Oh, alcohol. You’re such a good idea … until you’re not. You’re a fabulous social lubricant, making acquaintances best friends and lumping reserved and gregarious people alike into one cheerful, lively crowd. But too much of you quickly turns any drinker from the life of the party into a stumbling disaster. You bring a shy girl out of her shell, and then bring her to the ground a few shots later, as she asks some poor stranger nearby why the room is spinning so nauseatingly. (Hypothetical situation, of course.)
Alcohol lifts us high and crashes us down, usually by way of terrible side effects like temporary vertigo (aka “the spins”) and what I like to call selective memory (aka blackouts, brownouts, or “I did what last night?!”). Almost everyone who drinks has experienced at least one of the discomforting and embarrassing results of too much alcohol. But how do they happen in the first place?
What causes the spins?
Drinking on an empty stomach, or drinking too much in a short amount of time, increases the likelihood of getting the spins, a condition in which the room seems to be spinning around you. It tends to happen after you’ve crawled into bed (or onto your friend’s couch or a random floor) and are trying to sleep. As soon as you close your eyes, you feel like everything around you is moving at a dizzying speed. Opening your eyes only verifies this sensation, even though you haven’t moved an inch. Often at this point, the trash can or large pot that someone’s thoughtfully placed next to you becomes the receptacle for your stomach’s holdings.
Temporary vertigo sets in when your body loses its ability to transmit and receive information correctly. Alcohol disrupts sensory and motor input throughout the body, including those oh-so-necessary signals from your inner ear to your eyes and brain that make balance possible. (It also affects the inner-ear signals that interpret sound, which is why drunk people tend to yell during their conversations.) When you try to sleep, the inner ear’s alcohol-addled nerve impulses can’t successfully tell your eyes that you’re lying down. The eyes then alert the brain that the body’s in motion. The room looks like it’s spinning because alcohol’s tricked the brain into thinking that you’re spinning.
Luckily, there’s a way out of the spins: open your eyes and concentrate on something that’s not moving, or put your foot or hand on something stable, like the ground or a nightstand. The only way out of the spins is to assure the brain that you’re anchored.
Why does memory get hazy (or nonexistent)?
It’s never fun to wake up after a night of drinking and realize that your memories of it are hazy. And if you find out you said or did something truly mortifying, the agony (otherwise known as drinker’s remorse) can last longer and be more severe than the worst hangover. Like the spins, alcohol-related anterograde amnesia—the official term for blacking out or forgetting parts of the night while drinking—is caused by too much alcohol in a short amount of time. A survey performed at Duke University Medical Center and published in 2003 showed that 40 percent of students reported blacking out at least once in the preceding year. Many drinkers experience some form of this kind of amnesia (there are different grades, ranging from hazy recollection to absolutely no memory at all) at least once, though there’s evidence that shows it affects younger adults more significantly.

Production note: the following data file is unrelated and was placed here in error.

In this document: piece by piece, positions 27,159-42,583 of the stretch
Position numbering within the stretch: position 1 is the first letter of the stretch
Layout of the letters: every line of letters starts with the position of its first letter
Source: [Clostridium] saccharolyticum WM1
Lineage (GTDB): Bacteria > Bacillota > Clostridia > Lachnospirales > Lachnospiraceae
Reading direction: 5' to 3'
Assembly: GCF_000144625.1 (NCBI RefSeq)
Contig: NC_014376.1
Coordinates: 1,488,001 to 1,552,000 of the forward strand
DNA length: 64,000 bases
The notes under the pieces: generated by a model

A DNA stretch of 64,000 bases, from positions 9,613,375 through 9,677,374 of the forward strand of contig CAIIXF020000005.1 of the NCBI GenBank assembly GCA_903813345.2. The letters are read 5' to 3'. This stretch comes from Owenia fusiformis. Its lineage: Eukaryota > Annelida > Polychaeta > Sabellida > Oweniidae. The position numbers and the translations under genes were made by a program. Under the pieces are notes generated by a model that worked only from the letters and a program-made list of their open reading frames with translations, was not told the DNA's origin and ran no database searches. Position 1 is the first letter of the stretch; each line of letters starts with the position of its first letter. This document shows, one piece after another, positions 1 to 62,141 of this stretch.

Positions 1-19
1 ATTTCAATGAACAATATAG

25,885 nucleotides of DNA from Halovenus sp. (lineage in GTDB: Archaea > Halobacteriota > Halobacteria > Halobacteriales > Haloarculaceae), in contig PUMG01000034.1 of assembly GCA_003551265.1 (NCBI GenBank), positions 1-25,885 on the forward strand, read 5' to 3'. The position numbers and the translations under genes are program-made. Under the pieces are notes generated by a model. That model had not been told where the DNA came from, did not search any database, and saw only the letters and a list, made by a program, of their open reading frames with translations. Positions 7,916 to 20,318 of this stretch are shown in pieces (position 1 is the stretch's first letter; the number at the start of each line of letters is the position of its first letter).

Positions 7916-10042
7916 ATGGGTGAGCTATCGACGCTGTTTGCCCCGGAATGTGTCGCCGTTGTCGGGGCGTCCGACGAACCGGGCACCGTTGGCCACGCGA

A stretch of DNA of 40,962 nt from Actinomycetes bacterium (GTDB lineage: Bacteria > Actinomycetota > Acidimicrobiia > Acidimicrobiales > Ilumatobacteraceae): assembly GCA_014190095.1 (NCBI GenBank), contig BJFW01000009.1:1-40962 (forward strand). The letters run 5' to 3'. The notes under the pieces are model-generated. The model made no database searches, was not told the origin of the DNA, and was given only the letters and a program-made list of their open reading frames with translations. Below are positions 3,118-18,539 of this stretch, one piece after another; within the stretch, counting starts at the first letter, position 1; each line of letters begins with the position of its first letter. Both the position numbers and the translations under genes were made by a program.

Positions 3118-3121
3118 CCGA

In order to learn anything new, or to turn short-term memories into long-term ones, the brain creates synapses. Synaptic connections are formed at lightning speed during our formative years, and then sort of taper off after we hit twenty-one. (We can still learn new things after that age, but not as quickly.) Depending on how much you’ve had to drink, alcohol can make forming these synapses either difficult or altogether impossible.
The information the brain pulls from the night to turn it into tomorrow’s memories while you sleep isn’t coded correctly after alcohol’s taken hold. If your brain’s still able to somewhat process situational context, it’s possible the memory might get triggered the next day. (“Dude, remember when you tried to do a cartwheel off the kitchen table?” “Oh, right …”) But if there’s too much alcohol in your system, your brain is too mixed up to keep hold of any new information.
Drink with your brain.
It’s a surprisingly fast journey from buzzed to drunk, especially when you do things that speed up that journey even more, like drink on an empty stomach. When you start your night with a helpful balance of carbs, protein, and fat, your stomach has something to feast on other than alcohol, meaning that it won’t get absorbed into the bloodstream—and lead to intoxication—as quickly. Even mixing alcohol with juice, soda, or some other caloric beverage slows the process, but just make sure it’s not sugar- or calorie-free: a 2006 study published in the American Journal of Medicine showed that alcohol mixed with diet beverages left the stomach significantly more quickly than drinks with regular mixers did.
That’s just one way to curb your body’s potential for physically freaking out or blocking out certain events from your memory. The other is to drink less, but because alcohol stimulates the brain’s reward center, that’s not always so easy. (That’s why the journey from buzzed to drunk isn’t just fast—it’s fun, too.) If you’re going to drink, it’s best to compensate for every glass of alcohol with a full glass of water, though that’s an easy rule to forget as the night goes on. But it’s one we’d do well to remember, especially if we want to remember the night itself.
Photo source: Cillian Storm (cc)